On the other hand, the enforcement agencies recognize the potential procompetitive benefits of joint purchasing. For this reason, the enforcement agencies are unlikely to challenge, absent extraordinary circumstances, joint purchasing arrangements where: (1) the purchases account for less than 35 percent of the total sales of the purchased product or service in the relevant market; and (2) the cost of the products and services purchased jointly accounts for less than 20 percent of the total revenues from all products or services sold by participants in the joint purchasing arrangement. See DOJ and FTC Statements of Antitrust Enforcement Policy in Health Care and DOJ and FTC Antitrust Guidelines for Collaborations Among Competitors (setting forth antitrust safety zones).
For example, in a recent DOJ Business Review Letter to STARS Alliance LLC ("STARS"), the DOJ reviewed a joint purchasing arrangement proposed by an association of several nuclear utility operators. As a starting point, the DOJ noted that the proposal likely qualified for the safety zone for collaborations that account for less than 20 percent of the relevant market. Nevertheless, the DOJ went on to conduct a rule of reason analysis.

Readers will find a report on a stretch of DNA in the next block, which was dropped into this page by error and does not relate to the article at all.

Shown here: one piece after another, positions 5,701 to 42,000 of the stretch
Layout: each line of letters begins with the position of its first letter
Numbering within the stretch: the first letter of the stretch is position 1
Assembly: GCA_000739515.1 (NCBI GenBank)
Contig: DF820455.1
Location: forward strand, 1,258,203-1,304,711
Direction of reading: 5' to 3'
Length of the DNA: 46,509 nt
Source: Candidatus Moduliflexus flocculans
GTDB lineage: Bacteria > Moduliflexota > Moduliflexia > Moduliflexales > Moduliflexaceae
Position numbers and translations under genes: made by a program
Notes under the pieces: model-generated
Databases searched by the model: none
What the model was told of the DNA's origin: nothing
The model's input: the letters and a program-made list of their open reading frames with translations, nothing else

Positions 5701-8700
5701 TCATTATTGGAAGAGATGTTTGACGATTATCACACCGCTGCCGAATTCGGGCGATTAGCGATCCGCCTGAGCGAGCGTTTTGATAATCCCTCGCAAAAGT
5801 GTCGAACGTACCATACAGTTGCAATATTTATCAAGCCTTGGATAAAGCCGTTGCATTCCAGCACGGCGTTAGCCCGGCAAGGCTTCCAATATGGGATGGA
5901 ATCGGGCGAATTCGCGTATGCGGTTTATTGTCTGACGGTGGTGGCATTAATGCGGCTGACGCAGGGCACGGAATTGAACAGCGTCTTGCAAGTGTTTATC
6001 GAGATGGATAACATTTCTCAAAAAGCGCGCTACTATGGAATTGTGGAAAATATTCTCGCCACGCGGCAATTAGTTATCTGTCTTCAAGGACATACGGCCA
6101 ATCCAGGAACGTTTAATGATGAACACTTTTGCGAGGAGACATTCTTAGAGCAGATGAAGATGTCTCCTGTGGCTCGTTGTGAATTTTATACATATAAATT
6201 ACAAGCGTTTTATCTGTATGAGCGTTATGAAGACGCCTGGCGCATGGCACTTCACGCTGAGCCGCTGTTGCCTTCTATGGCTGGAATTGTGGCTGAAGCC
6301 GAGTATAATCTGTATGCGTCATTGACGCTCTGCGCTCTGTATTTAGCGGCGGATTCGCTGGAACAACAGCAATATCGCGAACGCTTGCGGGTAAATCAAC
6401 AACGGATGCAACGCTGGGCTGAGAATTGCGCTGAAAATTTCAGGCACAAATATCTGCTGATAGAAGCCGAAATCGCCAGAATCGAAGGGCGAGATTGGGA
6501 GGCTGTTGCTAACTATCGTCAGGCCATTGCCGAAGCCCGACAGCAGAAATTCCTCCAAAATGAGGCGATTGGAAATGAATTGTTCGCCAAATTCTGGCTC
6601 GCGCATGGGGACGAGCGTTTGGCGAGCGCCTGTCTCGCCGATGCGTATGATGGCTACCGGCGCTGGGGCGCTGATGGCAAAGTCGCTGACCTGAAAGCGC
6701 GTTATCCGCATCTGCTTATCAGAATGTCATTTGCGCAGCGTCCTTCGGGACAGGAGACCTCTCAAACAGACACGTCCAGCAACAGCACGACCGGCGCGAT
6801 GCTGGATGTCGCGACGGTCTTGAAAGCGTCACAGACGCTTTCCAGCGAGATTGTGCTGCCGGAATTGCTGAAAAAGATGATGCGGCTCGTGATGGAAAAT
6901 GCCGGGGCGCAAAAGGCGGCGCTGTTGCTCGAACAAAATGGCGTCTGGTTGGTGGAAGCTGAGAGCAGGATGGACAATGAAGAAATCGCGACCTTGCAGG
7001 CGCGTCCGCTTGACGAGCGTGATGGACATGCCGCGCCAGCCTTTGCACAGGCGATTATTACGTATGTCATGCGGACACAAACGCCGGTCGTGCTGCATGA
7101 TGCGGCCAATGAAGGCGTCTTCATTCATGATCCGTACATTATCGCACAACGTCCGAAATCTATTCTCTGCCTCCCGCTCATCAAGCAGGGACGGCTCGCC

Starting with potential anticompetitive effects, the DOJ found that it was unlikely the arrangement would "restrict competition in either the upstream markets for goods and services or the downstream markets for electricity" because the STARS members were generally located in different geographic areas and did not compete against each other. At the same time, DOJ found that the arrangement had the potential for procompetitive benefits through increased efficiencies and lower costs.
Finally, DOJ noted that STARS had implemented numerous safeguards to limit the potential for anticompetitive coordination among its members, including that the joint purchasing activities would be voluntary for members, that members would not discuss prices for procuring goods and services, and that STARS would require antitrust compliance training for its members.
Suggested Best Practices
Absent extraordinary circumstances, the enforcement agencies are unlikely to challenge an association joint purchasing program where members are not required to purchase a particular product or service, each member makes its own independent decision to participate, and there is significant competition in the relevant market.